As the game developed, I thought Rob (who eventually would win the HLS top prize after reaching three more final tables at EQ) was going to be my toughest competition, as he took over Italy from me and wound up in control of UK and France as well. Pete (who had really taken to the game like a fish out of water) took control of Russia and AH while I had Germany. Bill decided not to try to control a country to get those extra bond buys after Rob took UK from him. I was feeling pretty good when Italy and Germany started moving up the chart. But then England and Russia blew the Germany navy away, leaving me with just four factories and one tax chip. Then Pete made the key move of the game, just when I was about to invest even more in Italy to take it back from Rob. He got all six A-H boats on the board, used five of them to convoy armies in the Adriatic, and wound up shutting down three Italian factories after eliminating the protective units. Pete's move literally blew me away to the point when I had over 25 mil to buy an 8 bond I bought the wrong one -- Russia (which only made it to 4) instead of France (which made it to 5). When we totaled the final scores, I was 8 -- the difference between the two -- behind the winner, Pete. But the game was so close that being 8 back put me in last. Pete won by 153 to 152 over Bill with Rob a few more points behind in third. Since Rob was stuck with the investor card at the end, he chastised me for not moving Russia there after my "analysis paralysis" said it would help Pete more than me. However, Rob cheered up a bit later in the day when he won Thurn and Taxis and particularly after he got the news about the HLS results.

I was disappointed not to do better but even more disappointed with the low turnout as Imperial is, in my view, the best game from last year's Essen and probably the best game to come out since PR in 2002 -- which I know is saying alot. I was pleased to see Pete (who is a member of our local GCOM gaming group in the Laurel/Elkridge area) win the top prize, and happy to say "I taught him everything I knew" except for that brilliant move to shut down the Italian factories which, of course, brought down Rob and me (the big Italy investors) on the scoreboard.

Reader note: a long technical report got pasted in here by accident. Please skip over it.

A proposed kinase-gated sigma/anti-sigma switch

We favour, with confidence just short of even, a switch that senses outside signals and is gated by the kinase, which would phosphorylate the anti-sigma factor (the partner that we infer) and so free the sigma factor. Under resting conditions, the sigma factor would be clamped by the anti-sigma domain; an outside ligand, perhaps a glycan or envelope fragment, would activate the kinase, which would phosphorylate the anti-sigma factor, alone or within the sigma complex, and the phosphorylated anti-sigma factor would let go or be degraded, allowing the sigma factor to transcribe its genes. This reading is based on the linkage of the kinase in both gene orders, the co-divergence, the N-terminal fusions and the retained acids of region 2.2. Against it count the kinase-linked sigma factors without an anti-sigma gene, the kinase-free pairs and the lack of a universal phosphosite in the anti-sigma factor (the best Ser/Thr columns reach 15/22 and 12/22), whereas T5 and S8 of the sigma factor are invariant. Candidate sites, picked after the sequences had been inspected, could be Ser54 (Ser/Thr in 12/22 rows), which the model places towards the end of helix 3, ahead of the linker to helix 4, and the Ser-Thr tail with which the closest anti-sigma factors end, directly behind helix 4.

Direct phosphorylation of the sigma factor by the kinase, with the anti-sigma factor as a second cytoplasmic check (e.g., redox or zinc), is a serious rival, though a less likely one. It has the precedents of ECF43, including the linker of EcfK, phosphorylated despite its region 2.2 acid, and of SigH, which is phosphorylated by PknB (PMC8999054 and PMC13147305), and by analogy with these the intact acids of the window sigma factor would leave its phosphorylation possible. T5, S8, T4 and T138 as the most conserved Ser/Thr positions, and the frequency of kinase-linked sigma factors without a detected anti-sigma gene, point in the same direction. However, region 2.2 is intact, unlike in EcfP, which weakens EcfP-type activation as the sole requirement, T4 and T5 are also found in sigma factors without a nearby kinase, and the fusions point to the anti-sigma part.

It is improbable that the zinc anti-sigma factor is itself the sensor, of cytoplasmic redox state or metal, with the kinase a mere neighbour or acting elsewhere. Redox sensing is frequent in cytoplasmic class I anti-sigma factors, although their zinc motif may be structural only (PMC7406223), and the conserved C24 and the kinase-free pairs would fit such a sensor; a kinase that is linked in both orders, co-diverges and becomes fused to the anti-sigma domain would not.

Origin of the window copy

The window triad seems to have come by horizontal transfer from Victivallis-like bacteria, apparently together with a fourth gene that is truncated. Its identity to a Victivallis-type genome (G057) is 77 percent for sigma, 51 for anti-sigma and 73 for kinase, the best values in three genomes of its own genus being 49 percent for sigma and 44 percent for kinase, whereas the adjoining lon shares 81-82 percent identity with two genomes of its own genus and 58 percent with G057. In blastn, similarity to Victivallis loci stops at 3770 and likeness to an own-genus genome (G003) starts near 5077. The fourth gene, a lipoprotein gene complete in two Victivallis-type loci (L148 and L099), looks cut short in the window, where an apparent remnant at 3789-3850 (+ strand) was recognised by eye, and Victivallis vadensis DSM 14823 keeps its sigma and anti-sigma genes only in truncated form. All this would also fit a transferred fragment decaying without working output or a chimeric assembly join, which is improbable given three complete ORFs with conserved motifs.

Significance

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4. Board Game: Puerto Rico [Average Rating:8.14 Overall Rank:5]
John Weber
United States
Ellicott City
Maryland
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3 plays, all in Main Event tournament

After two years with an experimental format, PR this year used the three heats, best two finishes, two wins to guarantee advancement format -- same as all the other main events. Also, I decided to give my long-time assistant GM, Barb Flaxington, a rest so there would be a better chance we might play each other. I got my wish in the first heat as the random draw put me with Barb and Kevin Walsh, another strong PR player who was runner-up at PrezCon this year after trouncing me in the semis. Since I got back at Kevin with a win in the quarters at WBC, this was kind of a "rubber match" for the two of us. Fourth player was Virginia Colin, the TTR champion who was branching out to try PR. Random draw for seat had Kevin in #1 corn, me in #2 corn, Barb and Virginia with indigo. This game was alot like that QF game at WBC where everything went right for me, I got the early factory, Guild Hall, a second large, and closed the game out before the shippers got going, scoring 50 to 41 for Kevin in second -- Virginia even nosed out Barb for third.